Iraq is one of the most fragile states in the world, fraught with challenges after decades of conflict and instability.
The political and economic consequences of the COVID 19 pandemic have been especially disruptive in Iraq, where political turmoil and societal distrust have risen and the economy has been decimated by the significant decline in oil revenue as a result of diminished global demand in 2020, which had long-term effects on the economy including inflation as well as disruption to services which have yet to fully resume. With millions of vulnerable Iraqis returning to their homes, and more than one million still displaced following conflict, the sudden shock of COVID 19 saw poverty rates increase and humanitarian needs deepening. This was followed by a drought year in 2021, which is proving to be an impediment to returns and to economic recovery as rural livelihoods are being decimated.
The international community has sought to address more comprehensively the complex challenges of fragility by advancing a nexus approach linking humanitarian, development and peacebuilding efforts. Moreover, with global fragility increasing at a time when more people than ever before are entering cities, urban areas have emerged as a new centre of fragility. Urbanisation has simply shifted the landscape of poverty, reproducing many of the risks experienced in rural settings and introducing a cascade of new ones that have increased need. Iraq, increasingly urbanised and plagued by multidimensional fragility, thus represents the imperative of realising a better nexus approach.
The following case study examines World Vision’s experience implementing a nexus approach for programming in Northern Iraq, which comprises governorates controlled by the federal authority and the Erbil-based Kurdish regional government. Following the outbreak of conflict with the Islamic State of Iraq and the Levant (ISIL), World Vision responded to the crisis and has continued to work to meet humanitarian and recovery needs while working to establish longer-term solutions to the ongoing displacement crisis. World Vision’s adaptation of programming to strengthen linkages among humanitarian, development and peacebuilding objectives in Iraq has identified a number of key enabling factors for nexus work to be successful:
Establishing long-term presence and partnership enables World Vision to build trust and credibility with local government, community leaders, religious leaders and cross-cutting groups including cultural minorities, women and youth, and people living with disabilities. World Vision’s multiyear partnerships with faith actors and local civil society to reach out across the nexus to those who have a longer-term stake in the context have especially been useful in ensuring longer-term impact.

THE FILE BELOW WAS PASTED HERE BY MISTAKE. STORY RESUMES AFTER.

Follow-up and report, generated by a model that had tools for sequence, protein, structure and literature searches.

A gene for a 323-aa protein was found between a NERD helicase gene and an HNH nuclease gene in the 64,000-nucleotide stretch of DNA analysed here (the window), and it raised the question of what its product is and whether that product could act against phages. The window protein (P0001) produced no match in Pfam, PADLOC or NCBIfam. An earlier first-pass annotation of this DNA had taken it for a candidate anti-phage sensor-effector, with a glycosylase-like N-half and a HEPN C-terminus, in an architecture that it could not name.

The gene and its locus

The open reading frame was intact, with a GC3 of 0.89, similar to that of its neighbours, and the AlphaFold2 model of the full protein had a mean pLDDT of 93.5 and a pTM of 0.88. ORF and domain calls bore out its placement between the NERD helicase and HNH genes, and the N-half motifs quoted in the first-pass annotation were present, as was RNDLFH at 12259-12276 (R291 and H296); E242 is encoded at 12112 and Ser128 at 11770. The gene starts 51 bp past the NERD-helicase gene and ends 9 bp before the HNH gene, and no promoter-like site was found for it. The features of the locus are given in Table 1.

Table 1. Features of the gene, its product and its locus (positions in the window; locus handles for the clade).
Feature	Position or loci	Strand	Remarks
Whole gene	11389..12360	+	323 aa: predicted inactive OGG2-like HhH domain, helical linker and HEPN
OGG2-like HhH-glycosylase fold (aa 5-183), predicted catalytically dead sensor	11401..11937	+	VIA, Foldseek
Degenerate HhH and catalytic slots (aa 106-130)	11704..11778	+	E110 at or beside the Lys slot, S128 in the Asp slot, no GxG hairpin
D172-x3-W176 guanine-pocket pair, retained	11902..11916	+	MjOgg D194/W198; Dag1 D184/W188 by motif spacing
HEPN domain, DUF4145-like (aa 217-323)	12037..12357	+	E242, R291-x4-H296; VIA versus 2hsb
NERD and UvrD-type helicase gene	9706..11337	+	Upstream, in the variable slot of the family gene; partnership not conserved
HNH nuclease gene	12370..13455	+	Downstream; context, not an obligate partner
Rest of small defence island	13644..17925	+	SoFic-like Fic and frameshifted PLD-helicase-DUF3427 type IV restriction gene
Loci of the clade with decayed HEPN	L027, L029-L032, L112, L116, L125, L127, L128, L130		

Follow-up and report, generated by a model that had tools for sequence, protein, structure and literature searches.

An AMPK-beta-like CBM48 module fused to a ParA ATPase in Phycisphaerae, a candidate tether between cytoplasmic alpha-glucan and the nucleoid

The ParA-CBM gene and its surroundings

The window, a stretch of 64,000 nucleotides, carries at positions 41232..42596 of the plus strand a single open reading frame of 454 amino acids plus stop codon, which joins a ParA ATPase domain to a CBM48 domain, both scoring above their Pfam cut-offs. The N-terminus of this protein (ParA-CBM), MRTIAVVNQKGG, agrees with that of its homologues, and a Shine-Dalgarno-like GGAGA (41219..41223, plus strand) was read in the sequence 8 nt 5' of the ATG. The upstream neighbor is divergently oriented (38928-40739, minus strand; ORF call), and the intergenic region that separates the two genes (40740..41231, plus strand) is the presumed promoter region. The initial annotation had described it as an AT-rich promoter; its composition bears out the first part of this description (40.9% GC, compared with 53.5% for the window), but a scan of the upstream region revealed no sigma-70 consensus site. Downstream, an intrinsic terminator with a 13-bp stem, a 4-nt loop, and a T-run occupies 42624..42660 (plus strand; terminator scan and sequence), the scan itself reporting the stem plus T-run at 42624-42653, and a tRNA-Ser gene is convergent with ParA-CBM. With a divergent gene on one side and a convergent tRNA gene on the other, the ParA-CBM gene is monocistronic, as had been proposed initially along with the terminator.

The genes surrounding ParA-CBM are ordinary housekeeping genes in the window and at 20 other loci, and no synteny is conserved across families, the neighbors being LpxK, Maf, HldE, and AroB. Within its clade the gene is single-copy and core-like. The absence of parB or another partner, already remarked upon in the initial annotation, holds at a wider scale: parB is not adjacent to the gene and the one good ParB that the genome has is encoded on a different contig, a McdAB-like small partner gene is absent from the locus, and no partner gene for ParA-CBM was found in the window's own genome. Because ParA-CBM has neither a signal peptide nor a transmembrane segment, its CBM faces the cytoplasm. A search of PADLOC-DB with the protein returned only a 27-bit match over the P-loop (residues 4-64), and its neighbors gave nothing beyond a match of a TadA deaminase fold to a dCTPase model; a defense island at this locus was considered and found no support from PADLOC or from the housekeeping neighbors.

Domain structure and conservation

Partnering with local and international organisations creates opportunities for coordination across cluster programming to better enable nexus objectives. Partnership with local organisations in particular is important to access communities and to build trust and acceptance while also ensuring longterm sustainability.
Utilising a participatory approach and investing in local capacity improve the durability of programming, essential as World Vision has expanded into more medium- and long-term development programming.
Robust advocacy generates opportunities for a holistic response through flexible project and funding parameters, providing World Vision with access to more flexible multiyear and multi-sectoral funding.
This case study also identifies potential impediments and barriers to the operationalisation of the nexus in Iraq and provides recommendations to governments, donors, international financial institutions and World Vision on how to overcome them. Specifically:
The Federal Government of Iraq (GoI) and the Government of the Kurdistan Region of Iraq (KRI) should partner with international humanitarian actors to pursue durable solutions for returnees and internally displaced persons (IDPs) and prioritise the restoration of housing and livelihoods infrastructure as well as assist families to resettle voluntarily, safely and with dignity given existing economic challenges.
Donor agencies and international financial institutions should provide sustained, flexible, multiyear and multi-sectoral programme funding while extending the timeframe of humanitarian assistance to meet the needs of vulnerable returnees, IDP populations and host communities who continue to require assistance. They should also continue to engage in policy dialogue at the national level to cultivate a better enabling environment and improve coordination across programming.
World Vision should continue to highlight some of the current challenges and opportunities for programming in Iraq, focusing on existing funding sources that demonstrate successful and flexible mechanisms for future donor support. It should continue to emphasise cross-cutting interventions in diverse urban, periurban and rural contexts. Specifically, in urban contexts World Vision should also strengthen its coordination and collaboration role to build alliances with other humanitarian stakeholders in order to achieve our goals by better working across the nexus.